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Expungement or Sealing Juvenile Record in Florida

Expungement or Sealing Juvenile Record in Florida

The idea that one event or mistake made in youth can have lasting negative consequences on one’s adult life is a frightening prospect. That is the situation minors face when they are arrested and charged for a criminal offense. An experienced Miami juvenile defense attorney can defend minors’ rights in court and ensure the best possible outcome.

Still, some will be left with a juvenile record that could be an obstacle to their educational and professional futures. Fortunately, in certain cases, a juvenile record in Florida can be sealed or expunged.

Eligibility for Expungement or Sealing

In Florida, a juvenile record is automatically eligible for expungement or sealing when the offender turns 24 years old or, for a serious or habitual offender, 26 years old. However, typical offenders can try to get their juvenile record sealed or expunged at an earlier age.

Minors that were arrested for nonviolent offenses and/or completed a court-ordered diversion program can petition for expungement or sealing of their juvenile record. This petition can only be done once to clear the record of only one arrest. Most juvenile records are eligible unless the offender fits the following characteristics.

      • found guilty or adjudicated delinquent for the offenses on the juvenile record they wish to seal
      • found guilty or adjudicated delinquent for serious criminal offenses, especially violent and sex crime offenses
      • previously had a criminal record sealed or expunged
      • concurrently filed another petition for expungement or sealing

Procedure

In order to seal or expunge a juvenile record in Florida, offenders must first apply for a Certificate of Eligibility for Sealing. Only once they receive this certificate can they petition the juvenile court that handled their case for expungement or sealing of their record. Trying to have a juvenile record cleared is often a complex process and, in such cases, the guidance of an experienced Miami juvenile defense attorney is incredibly valuable.

If you were arrested or charged with a criminal offense as a minor, the attorneys at Pimentel & Castillo can guide you every step of the way toward achieving a expungement or sealing of your juvenile record in Florida. Once your juvenile is record cleared, you will not have to reveal your juvenile offenses to most people and employers, eliminating significant obstacles to your future educational and professional endeavors.

Call us to request a free consultation with a seasoned Miami juvenile defense attorney today.

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Is Teen Sexting a Crime in Florida?

Is Teen Sexting a Crime in Florida?

The answer is yes, sexting between two minors is considered a crime in Florida. In 2011, the Florida legislature passed a law that specifically pertained to teen sexting. Children and teenagers under the age of 18 should have some understanding of this law and the penalties for violating it.

Prior to this law, minors caught sexting would be charged according to more severe Florida child pornography laws. While this is no longer the case, the consequences for minors who violate the current law can still be harsh with long-lasting effects for the offender. If a you are a parent or guardian of a minor cited for a sexting violation, seeking the legal counsel of an experienced Miami juvenile defense attorney is recommended.

What is Sexting and Teen Sexting?

Sexting is defined as people sharing nude or sexually explicit messages, typically photos or videos, through the use of electronic communication channels and devices such cell phones, the Internet, social media, and so on. Teen sexting occurs when the above behavior happens between two minors and the messages in question depict minors.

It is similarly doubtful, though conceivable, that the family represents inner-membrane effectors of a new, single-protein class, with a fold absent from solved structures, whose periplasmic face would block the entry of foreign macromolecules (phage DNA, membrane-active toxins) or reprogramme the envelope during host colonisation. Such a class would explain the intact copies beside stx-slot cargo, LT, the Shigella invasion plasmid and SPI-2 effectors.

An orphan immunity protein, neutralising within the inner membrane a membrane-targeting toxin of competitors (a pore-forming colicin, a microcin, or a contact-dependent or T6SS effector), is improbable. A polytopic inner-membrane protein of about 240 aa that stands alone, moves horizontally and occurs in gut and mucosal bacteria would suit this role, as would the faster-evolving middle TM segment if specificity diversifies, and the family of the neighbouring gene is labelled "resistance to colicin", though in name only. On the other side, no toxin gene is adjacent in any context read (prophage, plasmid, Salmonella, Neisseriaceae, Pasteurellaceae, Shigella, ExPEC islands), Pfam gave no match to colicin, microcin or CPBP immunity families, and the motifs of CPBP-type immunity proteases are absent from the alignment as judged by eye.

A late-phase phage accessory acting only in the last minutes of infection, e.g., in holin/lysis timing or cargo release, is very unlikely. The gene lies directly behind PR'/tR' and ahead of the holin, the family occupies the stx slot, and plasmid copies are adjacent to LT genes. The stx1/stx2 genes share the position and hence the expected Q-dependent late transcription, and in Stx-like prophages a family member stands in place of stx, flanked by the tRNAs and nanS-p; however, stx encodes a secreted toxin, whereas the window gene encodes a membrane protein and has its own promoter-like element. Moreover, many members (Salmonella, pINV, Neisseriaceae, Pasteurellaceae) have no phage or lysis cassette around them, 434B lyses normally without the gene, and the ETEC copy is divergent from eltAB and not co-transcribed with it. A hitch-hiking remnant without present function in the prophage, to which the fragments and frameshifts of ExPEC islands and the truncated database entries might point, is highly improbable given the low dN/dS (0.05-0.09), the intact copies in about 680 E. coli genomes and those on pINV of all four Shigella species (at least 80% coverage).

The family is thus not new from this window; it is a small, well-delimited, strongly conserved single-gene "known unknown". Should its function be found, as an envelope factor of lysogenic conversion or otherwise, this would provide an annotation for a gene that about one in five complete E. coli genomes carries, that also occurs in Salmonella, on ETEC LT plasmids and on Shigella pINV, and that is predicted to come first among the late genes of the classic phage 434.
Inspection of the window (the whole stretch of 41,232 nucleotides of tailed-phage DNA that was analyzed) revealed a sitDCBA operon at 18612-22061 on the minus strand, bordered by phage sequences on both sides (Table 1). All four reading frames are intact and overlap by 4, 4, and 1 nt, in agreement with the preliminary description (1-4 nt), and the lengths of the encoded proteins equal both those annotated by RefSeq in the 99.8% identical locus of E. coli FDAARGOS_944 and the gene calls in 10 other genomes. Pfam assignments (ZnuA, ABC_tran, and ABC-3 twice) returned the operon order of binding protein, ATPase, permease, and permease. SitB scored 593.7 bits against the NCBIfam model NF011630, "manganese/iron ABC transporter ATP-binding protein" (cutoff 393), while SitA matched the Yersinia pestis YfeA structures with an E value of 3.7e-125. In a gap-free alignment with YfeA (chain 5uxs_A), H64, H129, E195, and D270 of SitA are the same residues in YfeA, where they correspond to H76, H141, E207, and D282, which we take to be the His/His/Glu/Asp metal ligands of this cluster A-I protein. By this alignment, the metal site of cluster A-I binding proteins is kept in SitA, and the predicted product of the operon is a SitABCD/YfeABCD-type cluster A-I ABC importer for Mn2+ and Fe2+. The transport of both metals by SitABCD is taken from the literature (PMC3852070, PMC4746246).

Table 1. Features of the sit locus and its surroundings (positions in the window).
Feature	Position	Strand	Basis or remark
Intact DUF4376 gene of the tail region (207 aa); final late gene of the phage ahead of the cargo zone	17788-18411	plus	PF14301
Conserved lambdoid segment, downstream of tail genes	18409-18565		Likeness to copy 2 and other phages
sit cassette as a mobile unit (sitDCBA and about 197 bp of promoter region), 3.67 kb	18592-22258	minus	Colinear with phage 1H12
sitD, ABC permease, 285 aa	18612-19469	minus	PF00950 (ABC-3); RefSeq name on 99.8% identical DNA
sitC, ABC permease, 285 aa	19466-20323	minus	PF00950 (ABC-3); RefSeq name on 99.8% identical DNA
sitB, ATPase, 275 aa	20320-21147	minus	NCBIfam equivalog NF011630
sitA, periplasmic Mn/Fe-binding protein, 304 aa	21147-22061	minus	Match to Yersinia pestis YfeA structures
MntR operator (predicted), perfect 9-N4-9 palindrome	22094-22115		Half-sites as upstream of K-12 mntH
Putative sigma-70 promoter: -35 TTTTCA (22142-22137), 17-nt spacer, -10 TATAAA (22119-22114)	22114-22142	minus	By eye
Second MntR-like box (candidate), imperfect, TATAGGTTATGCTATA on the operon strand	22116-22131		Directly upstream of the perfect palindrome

Under Florida sexting law, sexting between two consenting adults is not a criminal activity. However, teen sexting is considered a criminal offense. Minors commit the crime of sexting when they knowingly distribute, receive, possess, or create a nude or sexually explicit image or video of another minor.

If a minor receives an image or video depicting a minor in situations of nudity or sexual conduct, but they (i) did not solicit the image, (ii) did not distribute the image to another party, and (iii) took steps to report the image to a parent, guardian, school official, or law enforcement official, they are unlikely to be charged with violating the Florida sexting law.

What are the Penalties of Teen Sexting?

The consequences minors may face because of sexting vary in severity and depend on the specific circumstances of each case. Generally, punishments get harsher the more offenses a minor is charged with. Any images or videos transmitted or received within a 24 hour period are counted as one offense.

      • First Offense — Minor charged with non-criminal violation, could face a $60 fine, 8 hours of community service, and/or mandatory classes on the dangers of sexting.
      • Second Offense — Minor charged with first degree misdemeanor, could be faced with steeper fines, probation, and/or placement in a juvenile detention center.
      • Third Offense — Minor charged with third degree felony, could face a prison sentence of up to 15 years and may be required to register as a sex offender.

To learn more about the Florida sexting law and Florida child pornography laws as they pertain to juvenile defendants, speak with a seasoned Miami juvenile defense attorney. The attorneys at Pimentel & Castillo are experienced at defending juveniles from criminal charges, including sexting violations. If you are a parent or guardian of a minor that is facing teen sexting charges, call us today for a free consultation.

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5 Key Dangers of Not Signing a Contract

5 Key Dangers of Not Signing a Contract

The Miami civil litigation lawyers at Pimentel & Castillo have represented countless clients whose cases could have been avoided if only they had operated under a well-constructed contract. The purpose of a contract is to legally hold all parties engaging in business with one another to agreed-upon terms. When one does not exist or is simply not signed, navigating the process of holding another party accountable should those terms be broken is far more difficult. Often, it involves a civil trial that could have otherwise been avoided, costing the party who is not at fault both time and money.